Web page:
In a survey of 133 Cedar Falls High School students, 88.7 percent said that they had never had an African American teacher in their time at the Cedar Falls Community School District. However, in Waterloo, the school district has committed to diversity through adding African American history classes beginning in the fall of 2021, while also displaying on their website that one in five staff members is a person of color. 

Tara Thomas, the director of school and community relations for the Waterloo Public School District said that making diversity a priority in schools has allowed for better racial awareness between students and staff. “Diversity enhances the educational experience for students if staff reflect them in terms of race, cultural awareness and background,” Thomas said. “We prioritize diversity by intentional focus on reaching prospective employees of color through job fairs, networking and relationship building. All staff are part of ongoing equity training and cultural consciousness.”

In addition to prioritizing hiring people of color, Thomas said that the district aims to provide resources to students that celebrate diversity and help deal with racial issues that they may face in school. “Staff and students are welcome to freely discuss issues around race, and we encourage students to support their peers through numerous initiatives, clubs and classroom conversations,” Thomas said. “We have groups like AAMAS (African-American Males Achieving Success) and other groups across the district that focus on racial and gender issues.”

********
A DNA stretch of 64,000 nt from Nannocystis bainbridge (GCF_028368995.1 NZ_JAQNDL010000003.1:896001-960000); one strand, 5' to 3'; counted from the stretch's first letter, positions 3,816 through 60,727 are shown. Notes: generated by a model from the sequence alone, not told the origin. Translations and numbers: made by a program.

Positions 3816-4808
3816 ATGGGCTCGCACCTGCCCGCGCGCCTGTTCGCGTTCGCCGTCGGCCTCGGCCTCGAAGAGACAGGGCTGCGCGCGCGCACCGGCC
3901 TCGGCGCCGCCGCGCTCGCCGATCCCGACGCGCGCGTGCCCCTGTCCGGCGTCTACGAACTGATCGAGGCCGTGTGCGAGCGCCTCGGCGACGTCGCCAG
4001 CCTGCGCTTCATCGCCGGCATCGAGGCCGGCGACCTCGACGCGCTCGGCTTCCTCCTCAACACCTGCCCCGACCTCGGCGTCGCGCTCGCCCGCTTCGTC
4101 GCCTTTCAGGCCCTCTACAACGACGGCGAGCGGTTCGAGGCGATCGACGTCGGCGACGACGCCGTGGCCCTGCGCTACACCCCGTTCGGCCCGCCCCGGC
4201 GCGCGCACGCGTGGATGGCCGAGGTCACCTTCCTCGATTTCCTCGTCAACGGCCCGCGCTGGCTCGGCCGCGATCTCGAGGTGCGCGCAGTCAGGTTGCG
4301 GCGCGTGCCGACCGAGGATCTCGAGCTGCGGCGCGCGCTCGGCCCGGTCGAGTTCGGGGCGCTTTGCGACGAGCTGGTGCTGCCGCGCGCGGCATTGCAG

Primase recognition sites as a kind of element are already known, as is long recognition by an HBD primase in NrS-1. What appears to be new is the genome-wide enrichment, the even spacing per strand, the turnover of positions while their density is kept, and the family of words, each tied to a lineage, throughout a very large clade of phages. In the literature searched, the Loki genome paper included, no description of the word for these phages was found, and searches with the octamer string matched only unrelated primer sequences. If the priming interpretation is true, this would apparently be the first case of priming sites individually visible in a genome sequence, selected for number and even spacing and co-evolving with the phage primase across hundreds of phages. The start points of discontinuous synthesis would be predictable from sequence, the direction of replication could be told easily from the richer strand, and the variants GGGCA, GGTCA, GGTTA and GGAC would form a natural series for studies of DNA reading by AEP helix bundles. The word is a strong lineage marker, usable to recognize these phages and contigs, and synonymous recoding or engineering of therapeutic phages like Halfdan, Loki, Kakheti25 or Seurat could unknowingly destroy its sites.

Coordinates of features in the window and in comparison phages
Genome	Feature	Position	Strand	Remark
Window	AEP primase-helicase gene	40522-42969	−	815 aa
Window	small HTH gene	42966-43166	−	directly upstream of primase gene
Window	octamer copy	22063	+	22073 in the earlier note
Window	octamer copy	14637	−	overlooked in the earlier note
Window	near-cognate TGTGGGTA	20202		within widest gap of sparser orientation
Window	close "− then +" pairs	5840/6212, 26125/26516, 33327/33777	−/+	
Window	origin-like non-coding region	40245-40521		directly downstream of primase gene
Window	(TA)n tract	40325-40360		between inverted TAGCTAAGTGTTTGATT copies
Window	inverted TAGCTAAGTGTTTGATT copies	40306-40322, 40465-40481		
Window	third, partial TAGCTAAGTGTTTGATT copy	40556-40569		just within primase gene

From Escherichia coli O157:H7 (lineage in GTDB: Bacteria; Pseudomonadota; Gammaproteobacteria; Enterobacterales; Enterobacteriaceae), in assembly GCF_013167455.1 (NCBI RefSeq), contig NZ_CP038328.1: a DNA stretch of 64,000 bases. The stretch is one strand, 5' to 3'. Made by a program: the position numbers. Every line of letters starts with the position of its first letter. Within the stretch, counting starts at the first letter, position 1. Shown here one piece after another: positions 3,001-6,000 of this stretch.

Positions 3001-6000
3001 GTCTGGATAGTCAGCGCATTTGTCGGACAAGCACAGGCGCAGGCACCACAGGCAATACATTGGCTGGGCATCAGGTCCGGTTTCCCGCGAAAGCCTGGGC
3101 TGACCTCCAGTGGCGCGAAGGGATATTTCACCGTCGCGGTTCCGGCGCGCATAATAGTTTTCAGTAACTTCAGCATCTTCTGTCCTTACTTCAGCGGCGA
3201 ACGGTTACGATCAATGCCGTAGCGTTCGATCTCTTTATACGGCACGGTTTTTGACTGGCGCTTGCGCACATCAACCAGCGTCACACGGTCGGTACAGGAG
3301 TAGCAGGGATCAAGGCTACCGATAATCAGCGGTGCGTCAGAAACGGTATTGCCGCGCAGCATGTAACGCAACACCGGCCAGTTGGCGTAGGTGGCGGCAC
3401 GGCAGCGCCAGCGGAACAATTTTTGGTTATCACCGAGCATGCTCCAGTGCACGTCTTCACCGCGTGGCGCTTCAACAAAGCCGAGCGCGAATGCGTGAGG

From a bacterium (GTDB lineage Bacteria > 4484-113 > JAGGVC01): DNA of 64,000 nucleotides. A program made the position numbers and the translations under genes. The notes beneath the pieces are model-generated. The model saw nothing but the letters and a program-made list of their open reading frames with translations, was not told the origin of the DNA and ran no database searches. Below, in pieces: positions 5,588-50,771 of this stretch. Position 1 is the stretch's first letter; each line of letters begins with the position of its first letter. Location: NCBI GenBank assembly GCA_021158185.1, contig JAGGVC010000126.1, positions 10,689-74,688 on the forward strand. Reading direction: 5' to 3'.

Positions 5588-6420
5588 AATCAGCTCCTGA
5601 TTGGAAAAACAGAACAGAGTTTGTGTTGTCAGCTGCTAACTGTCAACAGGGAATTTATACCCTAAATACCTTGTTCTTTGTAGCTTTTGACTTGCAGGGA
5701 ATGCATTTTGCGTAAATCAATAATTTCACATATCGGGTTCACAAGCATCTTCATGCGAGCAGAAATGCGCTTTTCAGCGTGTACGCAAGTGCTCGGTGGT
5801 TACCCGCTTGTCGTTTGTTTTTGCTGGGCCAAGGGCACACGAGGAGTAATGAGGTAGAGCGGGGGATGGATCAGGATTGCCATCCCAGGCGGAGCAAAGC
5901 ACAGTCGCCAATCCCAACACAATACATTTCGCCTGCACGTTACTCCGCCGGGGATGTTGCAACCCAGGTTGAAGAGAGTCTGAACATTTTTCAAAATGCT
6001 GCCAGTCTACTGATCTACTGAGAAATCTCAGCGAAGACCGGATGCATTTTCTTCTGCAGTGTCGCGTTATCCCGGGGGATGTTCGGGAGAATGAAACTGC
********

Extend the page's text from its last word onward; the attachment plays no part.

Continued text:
Madlock attributed the lack of diversity in teaching staff to the overall school environment and the lack of racial awareness among students. “If I were a black educator, nothing and I mean not a thing is drawing me toward CFHS or our district at all,” Madlock said. “Aside from the hiring techniques, what as a black education is drawing to CFHS or our district in general? Racially, we do not have much going for us in that realm. I have never had a black teacher in my time at Cedar Falls.”

Tara Estep said that the district hopes to address diversity within the hiring process as they progress forward and use feedback from students to be more aware of issues that arise with race. “It’s hard to determine (why most students at CFHS have never had a black teacher). One of the steps we are taking is collaborating with other districts to learn how we can better hire, recruit and retain diverse staff members,” Estep said. 

For Madlock, it’s the students in addition to the administration that need to work on being respectful to other races while being conscious of prejudices. “I believe our admin is beginning to work on being more welcoming from a policy standpoint. Quite honestly, it’s our students that need the most improvement,” Madlock said.